On the Beat

The Story on Kate: The reason why KEYT’s long-limbed “weather babe” (as Craig Smith’s blog calls her) Kate Went­zel left the station comes down to the familiar expression: creative differences, Smith said. Newscast ratings were down and the weather was seen as a weak spot, Smith reported on his blog. According to Smith, management wanted her to be on camera in the studio, while Kate wanted more shots on location. Also, according to Smith, the suits wanted her to dumb down the broadcasts, saying “fog” rather than “marine layer.” Her contract was up, so she didn’t re-up and I hear she’s getting nibbles from L.A. All this squares with what I’ve been hearing. Smith also reports that KEYT alum Daryn Kagan is leaving CNN. She and Rush Limbaugh (yes, Rush) broke up a few months ago, Smith’s sources said. Meanwhile, news director and homeboy Paul Vercammen, fired in May, hasn’t been replaced. Rumors are flying about more shakeups coming on TV Hill.

Two More Quit the NP: The News-Press meltdown continues, with two more top newsroom staffers resigning. Chuck Schultz, a 25-year man, was the paper’s ace court reporter. Josh Molina covered City Hall in an incisive manner while maintaining his contacts and sources. On Tuesday he signed on as a reporter for the San Jose Mercury News, one of California’s top papers.

One of the most challenging aspects of journalism is to cover tough stories, then face the people you write about the next day. Not only has the paper now lost 13 solid editors and writers, but valuable institutional memory, key to covering stories that have spanned months and years. Other staffers are alarmed at the paper’s apparent anti-union strategy of calling reporters down to the office of human resources director Yolanda Apodaca to be quizzed about news coverage. How she became involved in the news has staffers scratching their collective heads. At least one reporter quit recently after such a session. Each staffer who leaves thins out the ranks of the pro-union workers. Actually, one former employee points out, the count should be 14, because when publisher Joe Cole “retired” his finger plugging the dike was gone and the hemorrhage of talent began.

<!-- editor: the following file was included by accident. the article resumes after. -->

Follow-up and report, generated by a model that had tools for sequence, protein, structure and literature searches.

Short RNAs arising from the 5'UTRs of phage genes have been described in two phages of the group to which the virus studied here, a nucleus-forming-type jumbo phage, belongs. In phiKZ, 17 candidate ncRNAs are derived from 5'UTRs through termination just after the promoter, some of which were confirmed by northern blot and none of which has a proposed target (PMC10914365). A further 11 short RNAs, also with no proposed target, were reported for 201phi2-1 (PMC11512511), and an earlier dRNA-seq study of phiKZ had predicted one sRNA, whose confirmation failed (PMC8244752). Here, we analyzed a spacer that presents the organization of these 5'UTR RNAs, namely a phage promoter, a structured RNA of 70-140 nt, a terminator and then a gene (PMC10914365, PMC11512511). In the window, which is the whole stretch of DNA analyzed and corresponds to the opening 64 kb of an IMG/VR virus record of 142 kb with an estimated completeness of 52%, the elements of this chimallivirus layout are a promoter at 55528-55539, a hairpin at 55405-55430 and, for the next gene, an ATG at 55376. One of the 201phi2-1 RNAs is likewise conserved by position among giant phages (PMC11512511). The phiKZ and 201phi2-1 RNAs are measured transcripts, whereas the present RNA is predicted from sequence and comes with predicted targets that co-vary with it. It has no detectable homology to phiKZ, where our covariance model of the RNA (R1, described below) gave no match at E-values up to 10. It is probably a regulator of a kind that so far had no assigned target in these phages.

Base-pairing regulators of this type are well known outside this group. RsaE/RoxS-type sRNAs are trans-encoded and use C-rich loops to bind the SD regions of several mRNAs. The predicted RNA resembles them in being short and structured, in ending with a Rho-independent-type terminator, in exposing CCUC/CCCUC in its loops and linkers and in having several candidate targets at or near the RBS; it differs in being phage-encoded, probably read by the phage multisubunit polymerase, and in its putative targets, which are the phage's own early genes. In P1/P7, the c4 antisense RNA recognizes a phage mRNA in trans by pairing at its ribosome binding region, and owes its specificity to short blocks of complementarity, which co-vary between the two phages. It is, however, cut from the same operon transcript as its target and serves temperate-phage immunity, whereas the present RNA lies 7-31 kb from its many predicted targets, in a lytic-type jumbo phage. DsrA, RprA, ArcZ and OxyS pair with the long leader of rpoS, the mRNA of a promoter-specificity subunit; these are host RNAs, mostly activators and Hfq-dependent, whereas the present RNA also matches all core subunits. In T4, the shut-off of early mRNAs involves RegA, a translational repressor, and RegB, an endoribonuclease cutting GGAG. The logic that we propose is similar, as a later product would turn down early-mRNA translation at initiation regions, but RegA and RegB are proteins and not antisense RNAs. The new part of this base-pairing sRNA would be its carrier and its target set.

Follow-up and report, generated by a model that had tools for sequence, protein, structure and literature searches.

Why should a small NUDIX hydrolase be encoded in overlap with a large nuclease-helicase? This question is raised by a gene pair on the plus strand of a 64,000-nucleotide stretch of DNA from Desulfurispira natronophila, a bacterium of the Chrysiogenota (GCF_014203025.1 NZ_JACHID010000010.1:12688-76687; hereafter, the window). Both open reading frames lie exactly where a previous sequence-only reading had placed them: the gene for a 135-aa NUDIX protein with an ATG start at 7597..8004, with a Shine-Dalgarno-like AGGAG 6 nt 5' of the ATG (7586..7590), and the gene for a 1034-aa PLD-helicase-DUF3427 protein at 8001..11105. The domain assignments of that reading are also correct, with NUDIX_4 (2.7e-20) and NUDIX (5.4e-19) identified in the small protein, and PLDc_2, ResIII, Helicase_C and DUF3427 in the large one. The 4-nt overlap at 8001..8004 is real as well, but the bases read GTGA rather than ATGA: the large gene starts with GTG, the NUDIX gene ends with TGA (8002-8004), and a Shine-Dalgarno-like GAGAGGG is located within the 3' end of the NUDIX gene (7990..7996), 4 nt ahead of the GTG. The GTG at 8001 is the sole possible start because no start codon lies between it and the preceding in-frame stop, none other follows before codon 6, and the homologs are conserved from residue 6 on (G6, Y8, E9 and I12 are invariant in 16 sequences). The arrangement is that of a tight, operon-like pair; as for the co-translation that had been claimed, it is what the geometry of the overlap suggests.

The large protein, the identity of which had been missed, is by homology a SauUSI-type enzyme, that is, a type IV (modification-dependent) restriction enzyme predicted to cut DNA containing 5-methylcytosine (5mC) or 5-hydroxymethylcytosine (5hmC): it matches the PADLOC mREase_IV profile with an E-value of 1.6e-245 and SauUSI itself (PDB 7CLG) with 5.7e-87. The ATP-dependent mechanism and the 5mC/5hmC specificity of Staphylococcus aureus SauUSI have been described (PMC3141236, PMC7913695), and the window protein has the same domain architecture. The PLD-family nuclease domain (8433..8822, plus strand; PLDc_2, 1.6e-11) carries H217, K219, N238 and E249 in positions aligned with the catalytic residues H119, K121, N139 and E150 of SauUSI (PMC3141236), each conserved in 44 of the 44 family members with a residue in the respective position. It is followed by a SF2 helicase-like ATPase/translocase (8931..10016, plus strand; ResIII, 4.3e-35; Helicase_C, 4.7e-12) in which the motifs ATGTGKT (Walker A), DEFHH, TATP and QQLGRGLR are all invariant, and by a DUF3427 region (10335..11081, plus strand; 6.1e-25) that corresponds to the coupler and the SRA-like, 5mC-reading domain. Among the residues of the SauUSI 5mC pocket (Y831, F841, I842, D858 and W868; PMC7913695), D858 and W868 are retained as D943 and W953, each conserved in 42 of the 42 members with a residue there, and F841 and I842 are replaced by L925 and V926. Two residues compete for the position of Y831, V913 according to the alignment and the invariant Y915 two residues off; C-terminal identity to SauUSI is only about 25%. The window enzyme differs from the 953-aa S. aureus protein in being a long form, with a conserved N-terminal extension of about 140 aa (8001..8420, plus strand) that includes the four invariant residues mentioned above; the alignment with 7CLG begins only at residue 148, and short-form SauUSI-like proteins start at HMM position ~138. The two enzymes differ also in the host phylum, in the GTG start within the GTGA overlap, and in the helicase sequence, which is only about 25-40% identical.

Meanwhile, ace designer Colin Powers has been hired to be the Page One designer for the Seattle Post-Intelligencer. The managing editor there is former News-Press editor David McCumber (1987-91). Jeramy Gordon, editor and publisher of the up-and-coming Daily Sound, says blog rumors that Wendy McCaw and the NP want to buy the new daily paper are untrue.

Smelly Theater: After I mentioned the smells at the Riviera Theatre, I heard from Metropolitan Theatres boss Bruce Corwin. “It’s an old building with wooden floors and walls,” he said. “We clean the floors and walls twice a year, but now we’ll do it four times a year and we’ll be watching closely, and stay on top of it.” Reader Elena Yee complained via and heard from Bruce’s son David, who also promised action to “freshen up the auditorium right away.”

Fiesta Thrills and Chills: Former mayor Sheila Lodge reports that contrary to the recollections of the Fiesta good old boys I interviewed last week, she and husband Judge Joe Lodge were not on that Wells Fargo stagecoach that nearly tipped over back in the 1980s. But Sheila recalls that prior mayor David Shiffman and his wife Martha were about to climb into their carriage when the horse hitched to it “got spooked, ran amok, crashed into some object, and the carriage shattered. If I recall correctly the horse didn’t fare so well and had to be put down.

“The ride in 1982 was exciting in a different way. An hour before the Fiesta parade I got a phone call from a man who said he’d gotten a phone call from his admittedly weird brother-in-law. The brother-in-law said ‘they were going to waste L.A. Mayor Tom Bradley’ in the Fiesta parade.” Bradley, she said, was running for governor and his campaign people had asked if he could ride in the parade. “I called the police chief. The man’s name and number turned out to be phony but we were still very concerned. Two security people of Bradley’s walked alongside throughout the parade, sweating in their heavy sport coats, which covered their guns. Bradley, Joe, and I and the driver were in one carriage. Two extra motorcycle officers rode alongside.” If they started taking fire, “I was told to get on one of the motorcycles and be driven off; Bradley was to do the same on the other. Joe had planned to dive into a little hollow space in the carriage until the security person closest to him said that was where he was going to go.

“We all made marvelous targets, especially Mayor Bradley, who was a very big man and who was sitting up high next to the driver. I must say it made for an exciting parade ride, though as usual the horses gave us more trouble than anything else.”

(You can reach Barney Brantingham at The Independent at or 965-5205, ext. 230).

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